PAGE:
This paper presents two alternative approaches of final cut scheduling for a fifty year strategic planning horizon. One approach is represented by cutting percentage, which is a classical timber indicator commonly used in the Czech and Slovak Republics. The second approach is represented by two optimisation models of integer programming; the first model without spatial aspect and the second model including adjacency constraints. Both optimisation models are derived for the clear cut management system with the scheduling approaches applied on an example of a forest management area with over-mature stands.
The main aim of the paper is to compare two suggested optimisation models with the classical scheduling approach and to demonstrate their positive effect on the age class distribution of forests. The further aim is to include green-up constraints in the scheduling, which respect legislative conditions. The results show that even in the case of a single management system, without considering different ecosystem services, the optimisation model that does not consider the spatial aspect gives comparable results to the approach that r includes the adjacency constraints. The primary hypothesis, that the regular age-class distribution and flow harvesting cannot be achieved when considering green-up constraints, was rejected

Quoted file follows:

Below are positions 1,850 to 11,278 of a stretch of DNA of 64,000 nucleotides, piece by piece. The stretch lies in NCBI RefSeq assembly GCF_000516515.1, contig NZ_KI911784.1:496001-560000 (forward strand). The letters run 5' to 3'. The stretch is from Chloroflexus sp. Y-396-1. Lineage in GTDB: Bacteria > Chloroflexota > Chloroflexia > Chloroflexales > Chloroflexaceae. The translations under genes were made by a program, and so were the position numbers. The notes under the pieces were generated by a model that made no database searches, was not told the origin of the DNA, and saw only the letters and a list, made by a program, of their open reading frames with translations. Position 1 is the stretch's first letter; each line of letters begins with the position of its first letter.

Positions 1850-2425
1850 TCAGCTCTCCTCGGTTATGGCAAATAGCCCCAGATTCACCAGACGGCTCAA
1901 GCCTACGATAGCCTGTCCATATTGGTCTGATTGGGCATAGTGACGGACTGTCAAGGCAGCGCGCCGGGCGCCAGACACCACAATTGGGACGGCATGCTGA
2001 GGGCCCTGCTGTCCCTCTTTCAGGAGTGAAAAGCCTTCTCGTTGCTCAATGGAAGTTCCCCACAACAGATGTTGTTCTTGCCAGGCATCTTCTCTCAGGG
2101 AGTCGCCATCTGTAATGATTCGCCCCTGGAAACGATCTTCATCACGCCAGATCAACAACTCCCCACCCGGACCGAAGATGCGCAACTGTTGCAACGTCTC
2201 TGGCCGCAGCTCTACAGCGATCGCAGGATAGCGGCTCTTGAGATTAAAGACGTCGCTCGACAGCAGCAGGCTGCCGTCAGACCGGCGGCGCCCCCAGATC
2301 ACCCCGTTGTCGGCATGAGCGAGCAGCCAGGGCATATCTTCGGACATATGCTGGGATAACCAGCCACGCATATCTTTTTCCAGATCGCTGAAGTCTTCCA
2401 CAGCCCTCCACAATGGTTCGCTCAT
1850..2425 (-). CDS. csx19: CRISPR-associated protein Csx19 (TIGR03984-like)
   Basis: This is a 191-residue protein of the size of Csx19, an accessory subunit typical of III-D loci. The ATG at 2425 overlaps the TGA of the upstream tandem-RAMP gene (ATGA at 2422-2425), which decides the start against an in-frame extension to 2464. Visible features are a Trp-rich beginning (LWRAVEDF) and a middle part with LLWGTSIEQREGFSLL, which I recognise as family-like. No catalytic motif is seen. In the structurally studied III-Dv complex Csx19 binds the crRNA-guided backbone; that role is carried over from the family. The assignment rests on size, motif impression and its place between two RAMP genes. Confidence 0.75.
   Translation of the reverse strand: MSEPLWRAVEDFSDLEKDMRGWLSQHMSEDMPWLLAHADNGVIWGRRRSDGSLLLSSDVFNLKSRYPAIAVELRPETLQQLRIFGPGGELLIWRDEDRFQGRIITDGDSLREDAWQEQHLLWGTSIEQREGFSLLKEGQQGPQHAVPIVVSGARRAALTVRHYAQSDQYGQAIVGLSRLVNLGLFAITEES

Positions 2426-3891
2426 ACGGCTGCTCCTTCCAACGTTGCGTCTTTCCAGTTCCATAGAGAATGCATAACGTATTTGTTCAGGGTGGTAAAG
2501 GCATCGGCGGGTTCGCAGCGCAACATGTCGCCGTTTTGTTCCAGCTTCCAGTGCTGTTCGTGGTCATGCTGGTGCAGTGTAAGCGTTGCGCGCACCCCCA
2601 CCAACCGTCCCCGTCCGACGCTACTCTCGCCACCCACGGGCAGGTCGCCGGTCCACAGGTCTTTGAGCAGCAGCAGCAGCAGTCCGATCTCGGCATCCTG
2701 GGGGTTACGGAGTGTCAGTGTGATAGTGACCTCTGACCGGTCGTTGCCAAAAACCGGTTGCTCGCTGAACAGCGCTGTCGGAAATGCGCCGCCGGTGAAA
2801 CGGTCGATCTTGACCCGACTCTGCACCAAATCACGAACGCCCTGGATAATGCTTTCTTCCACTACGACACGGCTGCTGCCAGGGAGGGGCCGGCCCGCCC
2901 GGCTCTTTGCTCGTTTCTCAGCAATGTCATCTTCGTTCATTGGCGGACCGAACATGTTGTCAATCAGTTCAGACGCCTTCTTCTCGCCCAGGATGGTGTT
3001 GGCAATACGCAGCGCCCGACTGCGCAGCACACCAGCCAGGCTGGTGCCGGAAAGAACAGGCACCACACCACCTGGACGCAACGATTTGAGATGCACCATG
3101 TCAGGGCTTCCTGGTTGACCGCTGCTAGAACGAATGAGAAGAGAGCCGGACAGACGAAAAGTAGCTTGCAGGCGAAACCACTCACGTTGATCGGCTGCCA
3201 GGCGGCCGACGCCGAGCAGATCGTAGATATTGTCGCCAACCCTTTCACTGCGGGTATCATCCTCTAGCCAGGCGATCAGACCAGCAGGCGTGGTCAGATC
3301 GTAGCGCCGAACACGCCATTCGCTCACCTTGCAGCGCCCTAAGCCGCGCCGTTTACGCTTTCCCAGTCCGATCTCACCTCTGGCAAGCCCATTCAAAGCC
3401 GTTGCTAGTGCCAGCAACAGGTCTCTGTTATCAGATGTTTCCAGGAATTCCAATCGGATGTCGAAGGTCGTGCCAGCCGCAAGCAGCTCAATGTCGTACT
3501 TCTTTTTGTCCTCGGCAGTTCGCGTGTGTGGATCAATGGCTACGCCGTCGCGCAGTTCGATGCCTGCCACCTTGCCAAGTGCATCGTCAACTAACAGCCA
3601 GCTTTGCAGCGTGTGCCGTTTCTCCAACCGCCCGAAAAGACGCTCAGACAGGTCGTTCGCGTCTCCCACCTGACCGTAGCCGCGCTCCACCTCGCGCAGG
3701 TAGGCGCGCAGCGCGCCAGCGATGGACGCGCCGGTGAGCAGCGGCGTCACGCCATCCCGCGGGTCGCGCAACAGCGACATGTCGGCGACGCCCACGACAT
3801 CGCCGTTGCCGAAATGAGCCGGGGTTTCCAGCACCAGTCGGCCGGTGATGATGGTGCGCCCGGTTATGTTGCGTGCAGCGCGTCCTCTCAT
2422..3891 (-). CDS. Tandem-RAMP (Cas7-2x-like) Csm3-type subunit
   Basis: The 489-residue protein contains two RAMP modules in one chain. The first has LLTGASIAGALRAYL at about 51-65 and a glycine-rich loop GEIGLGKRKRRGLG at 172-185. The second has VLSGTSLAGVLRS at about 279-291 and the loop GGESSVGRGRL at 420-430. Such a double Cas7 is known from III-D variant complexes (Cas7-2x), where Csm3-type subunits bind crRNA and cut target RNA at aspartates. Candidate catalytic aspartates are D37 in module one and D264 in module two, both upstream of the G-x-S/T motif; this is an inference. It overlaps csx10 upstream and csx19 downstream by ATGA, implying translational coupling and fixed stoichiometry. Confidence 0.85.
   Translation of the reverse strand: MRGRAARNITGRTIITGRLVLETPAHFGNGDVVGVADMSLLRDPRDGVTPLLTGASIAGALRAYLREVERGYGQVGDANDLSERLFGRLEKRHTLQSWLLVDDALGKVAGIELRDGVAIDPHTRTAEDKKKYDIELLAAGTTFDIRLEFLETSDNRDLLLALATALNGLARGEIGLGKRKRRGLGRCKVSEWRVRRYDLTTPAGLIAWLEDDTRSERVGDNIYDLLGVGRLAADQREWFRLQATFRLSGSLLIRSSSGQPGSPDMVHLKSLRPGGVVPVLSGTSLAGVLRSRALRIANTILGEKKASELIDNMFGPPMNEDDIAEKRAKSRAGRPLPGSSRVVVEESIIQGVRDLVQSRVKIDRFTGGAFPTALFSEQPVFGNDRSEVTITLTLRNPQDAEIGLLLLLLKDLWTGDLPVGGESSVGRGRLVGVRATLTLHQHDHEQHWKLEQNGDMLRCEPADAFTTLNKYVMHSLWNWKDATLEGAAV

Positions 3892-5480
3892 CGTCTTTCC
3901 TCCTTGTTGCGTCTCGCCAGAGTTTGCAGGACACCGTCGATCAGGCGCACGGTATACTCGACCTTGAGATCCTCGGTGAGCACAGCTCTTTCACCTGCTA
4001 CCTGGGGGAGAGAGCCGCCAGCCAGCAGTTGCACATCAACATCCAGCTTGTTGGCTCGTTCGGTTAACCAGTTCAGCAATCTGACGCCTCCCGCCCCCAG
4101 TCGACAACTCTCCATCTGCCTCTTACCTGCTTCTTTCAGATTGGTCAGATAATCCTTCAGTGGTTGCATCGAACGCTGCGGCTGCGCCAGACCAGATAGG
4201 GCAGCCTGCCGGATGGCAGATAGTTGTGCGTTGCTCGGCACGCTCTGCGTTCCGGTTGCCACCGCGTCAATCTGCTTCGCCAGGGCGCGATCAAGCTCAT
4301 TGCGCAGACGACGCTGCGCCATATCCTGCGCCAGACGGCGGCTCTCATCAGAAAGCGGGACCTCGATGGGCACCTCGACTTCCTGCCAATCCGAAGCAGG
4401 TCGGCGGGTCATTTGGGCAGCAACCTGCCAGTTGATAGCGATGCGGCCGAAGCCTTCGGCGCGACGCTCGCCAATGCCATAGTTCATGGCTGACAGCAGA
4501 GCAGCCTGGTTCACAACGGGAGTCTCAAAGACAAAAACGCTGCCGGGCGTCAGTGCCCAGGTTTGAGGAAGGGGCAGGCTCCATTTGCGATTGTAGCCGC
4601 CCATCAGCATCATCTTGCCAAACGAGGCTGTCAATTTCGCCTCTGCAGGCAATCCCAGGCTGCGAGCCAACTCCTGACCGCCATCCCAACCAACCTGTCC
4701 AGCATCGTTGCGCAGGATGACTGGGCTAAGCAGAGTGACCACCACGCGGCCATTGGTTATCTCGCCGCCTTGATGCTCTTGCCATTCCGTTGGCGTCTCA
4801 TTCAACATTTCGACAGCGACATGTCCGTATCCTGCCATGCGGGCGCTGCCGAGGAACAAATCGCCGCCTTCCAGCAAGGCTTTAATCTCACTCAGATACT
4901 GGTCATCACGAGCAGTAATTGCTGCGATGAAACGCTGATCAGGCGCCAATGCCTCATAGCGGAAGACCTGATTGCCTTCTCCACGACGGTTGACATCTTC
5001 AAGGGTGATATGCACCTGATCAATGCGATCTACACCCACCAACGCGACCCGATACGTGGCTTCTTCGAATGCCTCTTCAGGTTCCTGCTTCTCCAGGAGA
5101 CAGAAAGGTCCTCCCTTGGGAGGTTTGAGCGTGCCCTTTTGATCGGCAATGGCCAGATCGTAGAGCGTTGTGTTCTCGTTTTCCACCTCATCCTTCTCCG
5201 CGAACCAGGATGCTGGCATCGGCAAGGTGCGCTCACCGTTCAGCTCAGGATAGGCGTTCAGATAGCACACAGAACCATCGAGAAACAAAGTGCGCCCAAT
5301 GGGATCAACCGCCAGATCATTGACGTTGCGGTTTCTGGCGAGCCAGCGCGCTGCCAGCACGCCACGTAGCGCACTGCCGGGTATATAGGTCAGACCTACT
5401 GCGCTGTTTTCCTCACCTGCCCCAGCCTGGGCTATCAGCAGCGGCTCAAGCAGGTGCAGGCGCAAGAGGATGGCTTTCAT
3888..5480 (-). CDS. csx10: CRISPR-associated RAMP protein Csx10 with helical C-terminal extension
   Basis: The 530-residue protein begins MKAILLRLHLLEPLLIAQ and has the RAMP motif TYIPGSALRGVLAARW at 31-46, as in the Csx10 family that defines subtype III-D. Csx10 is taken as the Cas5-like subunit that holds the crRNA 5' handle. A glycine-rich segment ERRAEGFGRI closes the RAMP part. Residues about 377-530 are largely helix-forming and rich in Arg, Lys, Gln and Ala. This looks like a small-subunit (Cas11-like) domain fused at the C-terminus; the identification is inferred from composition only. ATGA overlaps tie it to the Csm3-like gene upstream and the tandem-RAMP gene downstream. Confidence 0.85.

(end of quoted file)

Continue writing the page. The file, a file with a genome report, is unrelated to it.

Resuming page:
The paper presents an application of structural analysis in search of key drivers and barriers of forest management in two Slovak regions: Podpoľanie and Kysuce. A comparison with factors identified in selected European regions is also presented. First, various relevant factors affecting forest management were selected for both regions. The selections draw on the pool of primary data (structured in-person interviews) and secondary data (qualitative analysis of national and European documents). Second, factors were grouped according to the STEEP categories (Society, Technology, Economy, Ecology, and Policy). Subsequently, factors were rigorously assessed by the regional stakeholders in participatory workshops, and their answers were analysed by structural analysis with the help of Parmenides EIDOS™ software. The results show that in both Slovak regions political, economic, and ecological factors dominated over social and technological factors. The comparison with selected European regions revealed that in the Slovak and other European regions, the Policy category dominated due to having the highest number of factors and their overall impact on forest management. In contrast, the least important societal domain was Technology in both the Slovak and other European regions. However, while stakeholders across the selected European regions perceived the Society domain as significant, stakeholders in both Slovak regions perceived the Economy and Ecology domains as more significant.